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  • 1.
    Andreassen Devik, Siri
    et al.
    Mid Sweden University, Faculty of Human Sciences, Department of Nursing Sciences.
    Hellzén, Ove
    Mid Sweden University, Faculty of Human Sciences, Department of Nursing Sciences.
    Enmarker, Ingela
    Mid Sweden University, Faculty of Human Sciences, Department of Nursing Sciences.
    Perceptions of suffering in older persons receiving palliative home nursing care: Bereaved family members' perspectiveManuscript (preprint) (Other academic)
  • 2.
    Andreassen Devik, Siri
    et al.
    Mid Sweden University, Faculty of Human Sciences, Department of Nursing Sciences. Midnorway, Ctr Care Res, Steinkjer, Norway..
    Hellzén, Ove
    Mid Sweden University, Faculty of Human Sciences, Department of Nursing Sciences.
    Enmarker, Ingela
    Mid Sweden University, Faculty of Human Sciences, Department of Nursing Sciences. Midnorway, Ctr Care Res, Steinkjer, Norway..
    "Picking up the pieces'' - Meanings of receiving home nursing care when being old and living with advanced cancer in a rural area2015In: International Journal of Qualitative Studies on Health and Well-being, ISSN 1748-2623, E-ISSN 1748-2631, Vol. 10, article id 28382Article in journal (Refereed)
    Abstract [en]

    Rural home nursing care is a neglected area in the research of palliative care offered to older cancer patients. Because access to specialized services is hampered by long distances and fragmented infrastructure, palliative care is often provided through standard home nursing services and delivered by general district nurses. This study aimed to illuminate the lived experience and to interpret the meaning of receiving home nursing care when being old and living with advanced cancer in a rural area in Norway. Narrative interviews were conducted with nine older persons, and a phenomenological hermeneutic approach was used to interpret the meaning of the lived experience. The analysis revealed three themes, each with subthemes: being content with what one gets, falling into place, and losing one's place. The phrase picking up the pieces was found useful to sum up the meaning of this lived experience. The three respective themes refer to how the pieces symbolize the remaining parts of life or available services in their environment, and how the older persons may see themselves as pieces or bricks in a puzzle. A strong place attachment (physical insideness, social insideness, and autobiographical insideness) is demonstrated by the informants in this study and suggests that the rural context may provide an advantageous healthcare environment. Its potential to be a source of comfort, security, and identity concurs with cancer patients' strong desire for being seen as unique persons. The study shows that district nurses play an essential role in the provision of palliative care for older rural patients. However, the therapeutic value of being in one's familiar landscape seems to depend on how homecare nurses manage to locate it and use it in a more or less person-centred manner. Communication skills and attentiveness to psychosocial aspects of patient care stand out as important attributes for nursing in this context.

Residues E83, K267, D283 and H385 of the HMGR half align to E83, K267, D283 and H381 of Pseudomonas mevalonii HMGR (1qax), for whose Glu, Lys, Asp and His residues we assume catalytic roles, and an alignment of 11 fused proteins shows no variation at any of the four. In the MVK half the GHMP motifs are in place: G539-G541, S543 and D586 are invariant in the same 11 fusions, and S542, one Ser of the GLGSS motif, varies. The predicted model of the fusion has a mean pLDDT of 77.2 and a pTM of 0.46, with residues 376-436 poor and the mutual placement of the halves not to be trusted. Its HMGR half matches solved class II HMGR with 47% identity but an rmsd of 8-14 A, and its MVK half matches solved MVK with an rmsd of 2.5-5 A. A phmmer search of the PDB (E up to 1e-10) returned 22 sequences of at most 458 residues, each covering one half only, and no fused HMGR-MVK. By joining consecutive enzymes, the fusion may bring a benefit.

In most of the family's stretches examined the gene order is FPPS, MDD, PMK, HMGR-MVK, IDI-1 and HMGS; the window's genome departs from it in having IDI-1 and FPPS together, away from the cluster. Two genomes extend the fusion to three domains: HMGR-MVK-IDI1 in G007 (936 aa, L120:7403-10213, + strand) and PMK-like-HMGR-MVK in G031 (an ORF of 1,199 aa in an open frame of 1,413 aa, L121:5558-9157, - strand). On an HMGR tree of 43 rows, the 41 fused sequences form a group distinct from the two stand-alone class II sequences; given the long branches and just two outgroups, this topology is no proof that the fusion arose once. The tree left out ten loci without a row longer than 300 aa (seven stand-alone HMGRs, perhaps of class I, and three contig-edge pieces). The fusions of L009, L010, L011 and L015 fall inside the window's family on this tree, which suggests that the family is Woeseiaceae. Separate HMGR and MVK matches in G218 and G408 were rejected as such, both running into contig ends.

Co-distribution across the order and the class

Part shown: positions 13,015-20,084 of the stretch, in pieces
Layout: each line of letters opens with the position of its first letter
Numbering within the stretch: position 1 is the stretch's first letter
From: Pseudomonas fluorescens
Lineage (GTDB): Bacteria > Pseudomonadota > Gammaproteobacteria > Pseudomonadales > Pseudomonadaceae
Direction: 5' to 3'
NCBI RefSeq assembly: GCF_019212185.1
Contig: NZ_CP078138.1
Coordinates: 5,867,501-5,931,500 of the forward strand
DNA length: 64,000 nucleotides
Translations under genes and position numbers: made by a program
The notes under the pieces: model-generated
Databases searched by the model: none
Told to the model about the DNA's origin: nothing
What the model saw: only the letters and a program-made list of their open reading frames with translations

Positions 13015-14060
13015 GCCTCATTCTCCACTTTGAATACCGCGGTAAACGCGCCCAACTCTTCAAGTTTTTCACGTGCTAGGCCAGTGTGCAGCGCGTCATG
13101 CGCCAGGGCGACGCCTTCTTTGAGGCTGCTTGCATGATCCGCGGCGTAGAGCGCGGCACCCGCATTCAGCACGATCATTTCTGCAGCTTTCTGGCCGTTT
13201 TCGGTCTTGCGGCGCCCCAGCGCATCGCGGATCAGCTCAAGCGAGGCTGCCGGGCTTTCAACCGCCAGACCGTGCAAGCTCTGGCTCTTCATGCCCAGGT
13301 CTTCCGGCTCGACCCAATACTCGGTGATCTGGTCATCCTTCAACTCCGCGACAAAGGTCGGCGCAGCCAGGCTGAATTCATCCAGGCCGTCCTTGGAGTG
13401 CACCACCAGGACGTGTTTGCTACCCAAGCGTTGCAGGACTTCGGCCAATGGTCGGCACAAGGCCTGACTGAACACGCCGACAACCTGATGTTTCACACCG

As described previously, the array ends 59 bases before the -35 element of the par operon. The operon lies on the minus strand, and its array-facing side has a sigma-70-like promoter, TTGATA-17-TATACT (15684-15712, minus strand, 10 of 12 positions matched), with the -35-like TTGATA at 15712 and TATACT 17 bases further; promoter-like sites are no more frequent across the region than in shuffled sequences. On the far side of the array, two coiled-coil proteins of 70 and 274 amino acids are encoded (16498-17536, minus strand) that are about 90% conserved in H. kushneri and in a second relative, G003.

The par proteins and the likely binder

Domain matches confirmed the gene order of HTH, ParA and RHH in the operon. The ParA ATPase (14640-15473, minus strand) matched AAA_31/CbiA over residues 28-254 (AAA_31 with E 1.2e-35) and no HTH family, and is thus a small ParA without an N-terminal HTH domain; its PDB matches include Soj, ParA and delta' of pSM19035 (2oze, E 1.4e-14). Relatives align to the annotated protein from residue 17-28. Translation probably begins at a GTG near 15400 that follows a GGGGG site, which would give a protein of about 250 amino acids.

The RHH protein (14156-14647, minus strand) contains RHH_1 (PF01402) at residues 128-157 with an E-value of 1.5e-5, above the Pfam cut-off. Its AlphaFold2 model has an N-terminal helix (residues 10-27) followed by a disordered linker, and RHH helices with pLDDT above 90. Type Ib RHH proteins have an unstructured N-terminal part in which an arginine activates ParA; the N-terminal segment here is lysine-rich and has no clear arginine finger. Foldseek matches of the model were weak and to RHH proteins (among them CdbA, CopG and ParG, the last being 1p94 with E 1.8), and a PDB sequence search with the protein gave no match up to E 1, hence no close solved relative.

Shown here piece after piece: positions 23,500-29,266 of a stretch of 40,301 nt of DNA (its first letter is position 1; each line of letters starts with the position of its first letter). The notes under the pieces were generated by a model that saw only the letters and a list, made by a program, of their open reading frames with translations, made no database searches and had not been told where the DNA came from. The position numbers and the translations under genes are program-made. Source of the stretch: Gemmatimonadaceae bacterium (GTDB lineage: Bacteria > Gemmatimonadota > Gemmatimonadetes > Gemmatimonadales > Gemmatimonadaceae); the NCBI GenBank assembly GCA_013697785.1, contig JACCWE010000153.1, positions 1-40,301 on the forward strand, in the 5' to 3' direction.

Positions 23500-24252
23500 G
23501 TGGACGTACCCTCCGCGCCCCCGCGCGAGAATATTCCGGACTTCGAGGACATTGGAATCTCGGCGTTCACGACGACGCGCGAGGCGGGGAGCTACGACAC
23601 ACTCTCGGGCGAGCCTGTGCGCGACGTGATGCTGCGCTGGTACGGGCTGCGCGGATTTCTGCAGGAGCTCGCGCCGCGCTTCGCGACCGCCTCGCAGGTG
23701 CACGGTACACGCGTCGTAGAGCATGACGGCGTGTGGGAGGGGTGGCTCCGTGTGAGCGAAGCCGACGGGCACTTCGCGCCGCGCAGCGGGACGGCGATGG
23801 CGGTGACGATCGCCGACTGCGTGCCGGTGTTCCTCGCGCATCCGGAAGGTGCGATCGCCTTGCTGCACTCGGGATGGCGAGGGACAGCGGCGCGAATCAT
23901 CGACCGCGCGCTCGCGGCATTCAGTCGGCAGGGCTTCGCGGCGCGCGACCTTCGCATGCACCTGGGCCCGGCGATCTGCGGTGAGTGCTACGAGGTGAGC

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  • 3.
    Bell, Hege T.
    et al.
    Nord Univ NTNU, Trondheim, Norway.
    Granas, Anne Gerd
    HiOA, Oslo, Norway.
    Omli, Ragnhild
    Nord Univ, Namsos, Norway.
    Enmarker, Ingela
    Mid Sweden University, Faculty of Human Sciences, Department of Nursing Sciences.
    Steinsbekk, Aslak
    NTNU, Trondheim, Norway.
    Nurses' and pharmacists' learning experiences from participating in inter professional medication reviews in primary health care: a qualitative study2017In: International Journal of Clinical Pharmacy, ISSN 2210-7703, E-ISSN 2210-7711, Vol. 39, no 1, p. 218-219, article id CP-PC004Article in journal (Refereed)
  • 4.
    Bell, Hege Therese
    et al.
    Nord Trondelag Univ Coll, Fac Hlth Sci, Dept Pharm, Namsos, Norway.;Norwegian Univ Sci & Technol, Dept Publ Hlth & Gen Practice, N-7034 Trondheim, Norway..
    Omli, Ragnhild R.
    Nord Trondelag Univ Coll, Fac Hlth Sci, Dept Nursing, Namsos, Norway.;Ctr Care Res, Steinkjer, Norway..
    Granas, Anne Gerd
    Oslo & Akershus Univ Coll, Dept Life Sci & Hlth, Fac Hlth Sci, Oslo, Norway..
    Enmarker, Ingela
    Mid Sweden University, Faculty of Human Sciences, Department of Nursing Sciences. Ctr Care Res, Steinkjer, Norway.;Nord Trondelag Univ Coll, Dept Hlth Sci, Namsos, Norway.
    Steinsbekk, Aslakk